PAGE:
Fructose and glucose metabolism in liver cells: After several steps glucose is converted into fructose1,6-bi-phosphate. A reaction regulated by the rate-limiting enzyme phosphofructokinase, which is inhibited by ATP and citrate. Altogether the conversion of glucose to pyruvate is regulated by insulin. On the other hand, fructose, is massively taken by the liver, and converted rapidly to triose-phosphate independently of insulin control and without a feedback by ATP or citrate. A large portion of fructose is converted into glucose which can be released in the blood or stored as glycogen. A part is converted into lactate. A small portion is converted into fatty acids, which may play an important role in the development of hypertriglyceridemia and fatty liver.
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Figure 1: Fructose and glucose metabolism in liver cells: After several steps glucose is converted into fructose1,6-bi-phosphate. A reaction regulated by the rate-limiting enzyme phosphofructokinase, which is inhibited by ATP and citrate. Altogether the conversion of glucose to pyruvate is regulated by insulin. On the other hand, fructose, is massively taken by the liver, and converted rapidly to triose-phosphate independently of insulin control and without a feedback by ATP or citrate. A large portion of fructose is converted into glucose which can be released in the blood or stored as glycogen. A part is converted into lactate. A small portion is converted into fatty acids, which may play an important role in the development of hypertriglyceridemia and fatty liver.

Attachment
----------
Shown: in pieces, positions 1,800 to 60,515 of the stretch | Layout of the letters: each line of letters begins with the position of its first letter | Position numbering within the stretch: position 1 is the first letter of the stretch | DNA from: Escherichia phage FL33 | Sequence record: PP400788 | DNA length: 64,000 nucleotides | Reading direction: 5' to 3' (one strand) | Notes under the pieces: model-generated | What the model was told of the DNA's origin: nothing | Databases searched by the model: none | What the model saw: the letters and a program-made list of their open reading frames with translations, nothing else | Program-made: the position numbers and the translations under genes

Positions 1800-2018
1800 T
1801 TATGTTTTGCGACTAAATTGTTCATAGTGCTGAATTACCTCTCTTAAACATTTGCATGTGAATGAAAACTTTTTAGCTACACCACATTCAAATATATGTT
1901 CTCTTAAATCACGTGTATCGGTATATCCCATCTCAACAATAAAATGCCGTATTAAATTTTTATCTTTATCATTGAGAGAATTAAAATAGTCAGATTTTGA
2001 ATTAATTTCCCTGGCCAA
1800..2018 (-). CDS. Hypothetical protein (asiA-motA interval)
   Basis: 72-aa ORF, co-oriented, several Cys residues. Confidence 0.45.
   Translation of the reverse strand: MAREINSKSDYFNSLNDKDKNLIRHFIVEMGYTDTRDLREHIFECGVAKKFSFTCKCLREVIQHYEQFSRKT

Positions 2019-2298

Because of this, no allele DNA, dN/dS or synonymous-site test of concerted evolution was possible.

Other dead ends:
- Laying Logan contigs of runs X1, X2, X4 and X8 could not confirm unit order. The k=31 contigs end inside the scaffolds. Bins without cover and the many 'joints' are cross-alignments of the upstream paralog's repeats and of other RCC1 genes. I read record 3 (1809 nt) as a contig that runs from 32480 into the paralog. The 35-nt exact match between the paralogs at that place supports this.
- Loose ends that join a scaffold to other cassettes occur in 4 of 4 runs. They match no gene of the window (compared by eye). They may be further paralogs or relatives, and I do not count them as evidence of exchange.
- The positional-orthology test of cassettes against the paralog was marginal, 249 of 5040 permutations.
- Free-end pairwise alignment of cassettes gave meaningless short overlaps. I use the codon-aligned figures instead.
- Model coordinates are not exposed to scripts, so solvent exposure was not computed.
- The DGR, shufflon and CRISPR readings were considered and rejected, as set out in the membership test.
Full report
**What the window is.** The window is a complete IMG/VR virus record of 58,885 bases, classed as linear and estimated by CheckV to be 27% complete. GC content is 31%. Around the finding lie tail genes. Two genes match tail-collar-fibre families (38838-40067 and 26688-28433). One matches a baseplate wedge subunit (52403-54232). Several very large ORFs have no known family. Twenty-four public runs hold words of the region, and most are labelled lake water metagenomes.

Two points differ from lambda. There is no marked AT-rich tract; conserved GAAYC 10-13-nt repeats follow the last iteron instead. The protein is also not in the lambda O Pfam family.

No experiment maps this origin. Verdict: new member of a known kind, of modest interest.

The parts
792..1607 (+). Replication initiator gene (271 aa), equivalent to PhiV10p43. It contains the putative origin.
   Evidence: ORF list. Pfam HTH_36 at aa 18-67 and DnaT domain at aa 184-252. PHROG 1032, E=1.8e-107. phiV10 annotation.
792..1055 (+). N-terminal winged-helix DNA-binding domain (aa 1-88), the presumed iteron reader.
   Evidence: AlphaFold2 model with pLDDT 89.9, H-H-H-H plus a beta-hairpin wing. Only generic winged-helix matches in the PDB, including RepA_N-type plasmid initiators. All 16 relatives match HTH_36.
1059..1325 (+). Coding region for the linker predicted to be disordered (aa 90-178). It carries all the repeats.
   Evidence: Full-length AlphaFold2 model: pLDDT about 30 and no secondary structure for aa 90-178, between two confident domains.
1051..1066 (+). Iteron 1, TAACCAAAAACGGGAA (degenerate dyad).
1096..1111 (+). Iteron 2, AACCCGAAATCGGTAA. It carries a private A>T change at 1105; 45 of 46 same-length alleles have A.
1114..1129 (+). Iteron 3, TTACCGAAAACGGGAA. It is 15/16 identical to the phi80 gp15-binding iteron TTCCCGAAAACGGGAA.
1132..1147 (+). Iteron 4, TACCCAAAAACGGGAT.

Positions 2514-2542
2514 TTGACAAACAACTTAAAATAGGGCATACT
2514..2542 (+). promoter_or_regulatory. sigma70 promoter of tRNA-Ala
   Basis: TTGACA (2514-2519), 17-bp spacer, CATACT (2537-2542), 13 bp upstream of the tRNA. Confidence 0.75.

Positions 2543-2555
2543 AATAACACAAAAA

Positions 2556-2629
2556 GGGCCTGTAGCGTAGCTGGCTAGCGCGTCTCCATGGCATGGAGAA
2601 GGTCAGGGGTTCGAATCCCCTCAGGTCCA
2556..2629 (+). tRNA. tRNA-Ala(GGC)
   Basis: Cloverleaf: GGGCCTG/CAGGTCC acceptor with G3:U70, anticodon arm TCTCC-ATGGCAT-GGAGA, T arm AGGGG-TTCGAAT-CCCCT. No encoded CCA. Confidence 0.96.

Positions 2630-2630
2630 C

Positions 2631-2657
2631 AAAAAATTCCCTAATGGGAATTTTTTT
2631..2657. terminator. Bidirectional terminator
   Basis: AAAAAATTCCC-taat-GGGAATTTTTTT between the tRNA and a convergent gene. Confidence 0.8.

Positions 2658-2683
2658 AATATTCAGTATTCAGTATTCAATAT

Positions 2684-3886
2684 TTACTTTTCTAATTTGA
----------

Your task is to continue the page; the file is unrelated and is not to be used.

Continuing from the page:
Mentions: fructose is absorbed from the intestine via glucose transporters 5 (GLUT 5), then it diffuses into the blood vessels through GLUT 2 or 5 [58], but mainly by GLUT 2. Contrary to glucose, fructose absorption from the intestinal lumen does not require ATP hydrolysis and is independent of sodium absorption, which results in massive fructose uptake by the liver [59].


Health implications of fructose consumption: A review of recent data.

Rizkalla SW - Nutr Metab (Lond) (2010)

Fructose and glucose metabolism in liver cells: After several steps glucose is converted into fructose1,6-bi-phosphate. A reaction regulated by the rate-limiting enzyme phosphofructokinase, which is inhibited by ATP and citrate. Altogether the conversion of glucose to pyruvate is regulated by insulin. On the other hand, fructose, is massively taken by the liver, and converted rapidly to triose-phosphate independently of insulin control and without a feedback by ATP or citrate. A large portion of fructose is converted into glucose which can be released in the blood or stored as glycogen. A part is converted into lactate. A small portion is converted into fatty acids, which may play an important role in the development of hypertriglyceridemia and fatty liver.
© Copyright Policy - open-access
Related In: Results  -  Collection

License
Show All Figures
getmorefigures.php?uid=PMC2991323&req=5

Figure 1: Fructose and glucose metabolism in liver cells: After several steps glucose is converted into fructose1,6-bi-phosphate. A reaction regulated by the rate-limiting enzyme phosphofructokinase, which is inhibited by ATP and citrate. Altogether the conversion of glucose to pyruvate is regulated by insulin. On the other hand, fructose, is massively taken by the liver, and converted rapidly to triose-phosphate independently of insulin control and without a feedback by ATP or citrate. A large portion of fructose is converted into glucose which can be released in the blood or stored as glycogen. A part is converted into lactate. A small portion is converted into fatty acids, which may play an important role in the development of hypertriglyceridemia and fatty liver.